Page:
A Summary of Implications of Recent Clinical Trials for the National Cholesterol Education Program Adult Treatment Panel III Guidelines
The Adult Treatment Panel III (ATP III) of the National Cholesterol Education Program (NCEP) issued an evidence-based set of guidelines on cholesterol management in 2001. Since the publication of ATP III, five major clinical trials of statin therapy with clinical end points have been published. These trials addressed issues that were not examined in previous clinical trials of cholesterol-lowering therapy. An NCEP working group reviewed the results of these recent trials and assessed their implications for cholesterol management. These clinical trials strongly support the ATP III recommendation that LDL-cholesterol (LDL-C) should be the primary target of lipid-lowering therapy. The trials confirm the benefit of cholesterol-lowering therapy in high-risk patients and support the ATP III treatment goal of LDL-C <100 mg/dL. In fact, they add to the growing evidence supporting the concept that, for LDL-C in high-risk patients, “the lower, the better” for reducing risk for major cardiovascular events (Figure). Although recent clinical trials focused on drug therapies for LDL lowering, the NCEP update affirms that therapeutic lifestyle changes (TLC) remain an essential modality in clinical management. TLC has the potential to reduce cardiovascular risk through several mechanisms beyond LDL lowering. Recent clinical trials support the inclusion of patients with diabetes in the high-risk category and confirm the benefits of LDL-lowering therapy in these patients. They further confirm that older persons benefit from therapeutic lowering of LDL-C. The major recommendations for modifications to footnote the ATP III treatment algorithm for LDL lowering are presented in the Table 1 and are summarized in Table 2. In high-risk persons, ATP III established that the recommended LDL-C goal is <100 mg/dL; when triglycerides are high (≥200 mg/dL), a secondary goal is a non–HDL-C <130 mg/dL. According to the update, when risk is very high, an LDL-C goal of <70 mg/dL is a therapeutic option, ie, a reasonable clinical strategy, based on available clinical trial evidence. This therapeutic option extends also to patients at very high risk who have a baseline LDL-C <100 mg/dL. For those very high risk patients who have a high triglyceride, a level of non–HDL-C of <100 mg/dL corresponds to an LDL-C level of <70 mg/dL. Identifying a very high risk patient depends on clinical judgment. Examples of such patients include those with established cardiovascular disease plus (1) multiple major risk factors (especially diabetes), (2) severe and poorly controlled risk factors (especially continued cigarette smoking), (3) multiple risk factors of the metabolic syndrome (especially high triglyceride ≥200 mg/dL plus non–HDL-C ≥130 mg/dL with low HDL-C [<40 mg/dL]) and (4) those with acute coronary syndromes. Moreover, when any high-risk patient has high triglyceride or low HDL-C, consideration can be given to combining a fibrate or nicotinic acid with an LDL-lowering drug.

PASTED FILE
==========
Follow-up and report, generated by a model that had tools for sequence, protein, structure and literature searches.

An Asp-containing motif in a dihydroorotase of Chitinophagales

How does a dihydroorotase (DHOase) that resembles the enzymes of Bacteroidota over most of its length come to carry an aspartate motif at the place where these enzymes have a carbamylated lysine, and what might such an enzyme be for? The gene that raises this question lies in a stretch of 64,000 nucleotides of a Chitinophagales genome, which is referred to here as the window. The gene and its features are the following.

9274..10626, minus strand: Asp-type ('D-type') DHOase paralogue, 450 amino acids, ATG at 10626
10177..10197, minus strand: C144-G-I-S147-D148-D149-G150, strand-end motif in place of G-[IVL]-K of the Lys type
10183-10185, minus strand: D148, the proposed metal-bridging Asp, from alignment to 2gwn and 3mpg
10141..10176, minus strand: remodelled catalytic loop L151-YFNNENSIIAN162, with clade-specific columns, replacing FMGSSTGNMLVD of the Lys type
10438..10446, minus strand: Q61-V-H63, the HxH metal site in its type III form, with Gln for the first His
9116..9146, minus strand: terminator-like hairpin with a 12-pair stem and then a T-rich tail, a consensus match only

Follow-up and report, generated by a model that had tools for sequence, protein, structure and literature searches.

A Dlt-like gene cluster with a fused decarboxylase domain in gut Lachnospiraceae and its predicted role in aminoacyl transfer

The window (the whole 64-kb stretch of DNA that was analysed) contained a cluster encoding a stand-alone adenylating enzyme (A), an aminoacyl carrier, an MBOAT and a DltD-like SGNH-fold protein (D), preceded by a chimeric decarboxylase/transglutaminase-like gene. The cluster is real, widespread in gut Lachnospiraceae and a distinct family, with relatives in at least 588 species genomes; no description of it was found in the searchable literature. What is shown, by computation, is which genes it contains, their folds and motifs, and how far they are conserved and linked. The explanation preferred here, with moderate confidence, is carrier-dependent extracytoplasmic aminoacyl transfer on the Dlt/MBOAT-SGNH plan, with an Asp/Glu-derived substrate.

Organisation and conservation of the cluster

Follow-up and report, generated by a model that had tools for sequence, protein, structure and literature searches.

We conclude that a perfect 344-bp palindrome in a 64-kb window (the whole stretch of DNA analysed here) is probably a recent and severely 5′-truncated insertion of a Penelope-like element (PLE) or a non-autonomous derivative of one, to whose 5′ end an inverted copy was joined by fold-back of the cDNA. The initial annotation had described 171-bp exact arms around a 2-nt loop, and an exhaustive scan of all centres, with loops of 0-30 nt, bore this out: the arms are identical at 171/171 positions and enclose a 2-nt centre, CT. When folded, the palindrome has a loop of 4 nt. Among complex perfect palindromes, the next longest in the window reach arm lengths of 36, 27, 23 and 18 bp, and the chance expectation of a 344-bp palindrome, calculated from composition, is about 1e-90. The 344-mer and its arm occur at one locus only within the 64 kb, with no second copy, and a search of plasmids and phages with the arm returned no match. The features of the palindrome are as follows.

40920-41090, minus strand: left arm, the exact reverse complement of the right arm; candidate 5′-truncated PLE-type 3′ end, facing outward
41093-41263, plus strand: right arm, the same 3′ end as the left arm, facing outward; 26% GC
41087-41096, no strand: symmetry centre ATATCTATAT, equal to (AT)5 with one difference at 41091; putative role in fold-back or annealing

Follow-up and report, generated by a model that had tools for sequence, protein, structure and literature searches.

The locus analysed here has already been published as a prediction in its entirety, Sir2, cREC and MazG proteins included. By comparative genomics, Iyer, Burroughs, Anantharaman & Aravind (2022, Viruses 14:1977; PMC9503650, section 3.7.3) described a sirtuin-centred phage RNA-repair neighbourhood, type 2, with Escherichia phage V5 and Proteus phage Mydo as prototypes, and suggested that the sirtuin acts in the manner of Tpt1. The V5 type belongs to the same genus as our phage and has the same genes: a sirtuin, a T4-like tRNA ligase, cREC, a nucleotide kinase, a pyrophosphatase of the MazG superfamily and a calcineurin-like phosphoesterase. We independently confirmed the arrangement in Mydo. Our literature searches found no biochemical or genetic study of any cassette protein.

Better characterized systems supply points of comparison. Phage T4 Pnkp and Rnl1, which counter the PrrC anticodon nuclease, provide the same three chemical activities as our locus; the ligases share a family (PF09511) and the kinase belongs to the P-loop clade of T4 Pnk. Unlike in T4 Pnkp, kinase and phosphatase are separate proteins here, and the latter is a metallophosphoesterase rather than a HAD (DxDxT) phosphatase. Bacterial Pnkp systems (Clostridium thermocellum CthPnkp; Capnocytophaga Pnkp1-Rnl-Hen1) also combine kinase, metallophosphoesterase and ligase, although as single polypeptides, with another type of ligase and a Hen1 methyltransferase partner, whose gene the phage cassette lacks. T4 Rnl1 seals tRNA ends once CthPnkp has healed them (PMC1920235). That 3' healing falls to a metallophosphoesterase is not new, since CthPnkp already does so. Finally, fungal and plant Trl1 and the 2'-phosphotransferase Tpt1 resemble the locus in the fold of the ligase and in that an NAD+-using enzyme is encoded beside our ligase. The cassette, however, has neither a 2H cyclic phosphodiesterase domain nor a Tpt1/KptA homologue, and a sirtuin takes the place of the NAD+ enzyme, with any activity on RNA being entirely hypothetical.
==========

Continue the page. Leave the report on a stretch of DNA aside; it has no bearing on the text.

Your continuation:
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For moderately high-risk persons (2+ risk factors and 10-year risk 10% to 20%), the recommended LDL-C goal is <130 mg/dL; but an LDL-C goal <100 mg/dL is a therapeutic option based on recent trial evidence. The latter option extends also to moderately high risk persons with a baseline LDL-C of 100 to 129 mg/dL. When LDL-lowering drug therapy is used in high-risk or moderately high-risk persons, it is advised that intensity of therapy be sufficient to achieve at least a 30% to 40% reduction in LDL-C levels. Moreover, any person at high risk or moderately high risk who has lifestyle-related risk factors (eg, obesity, physical inactivity, elevated triglyceride, low HDL-C, or metabolic syndrome) is a candidate for TLC to modify these risk factors regardless of LDL-C level.
Finally, for people in lower-risk categories, recent clinical trials do not modify the goals and cut points of therapy.
The financial disclosure of the writing group panel of the ATP III update can be viewed on the National Heart, Lung, and Blood Institute website at http://www.nhlbi.nih.gov/guidelines/cholesterol/atp3upd04.htm
↵*D.B.H. was a member of the Working Group until December 31, 2003.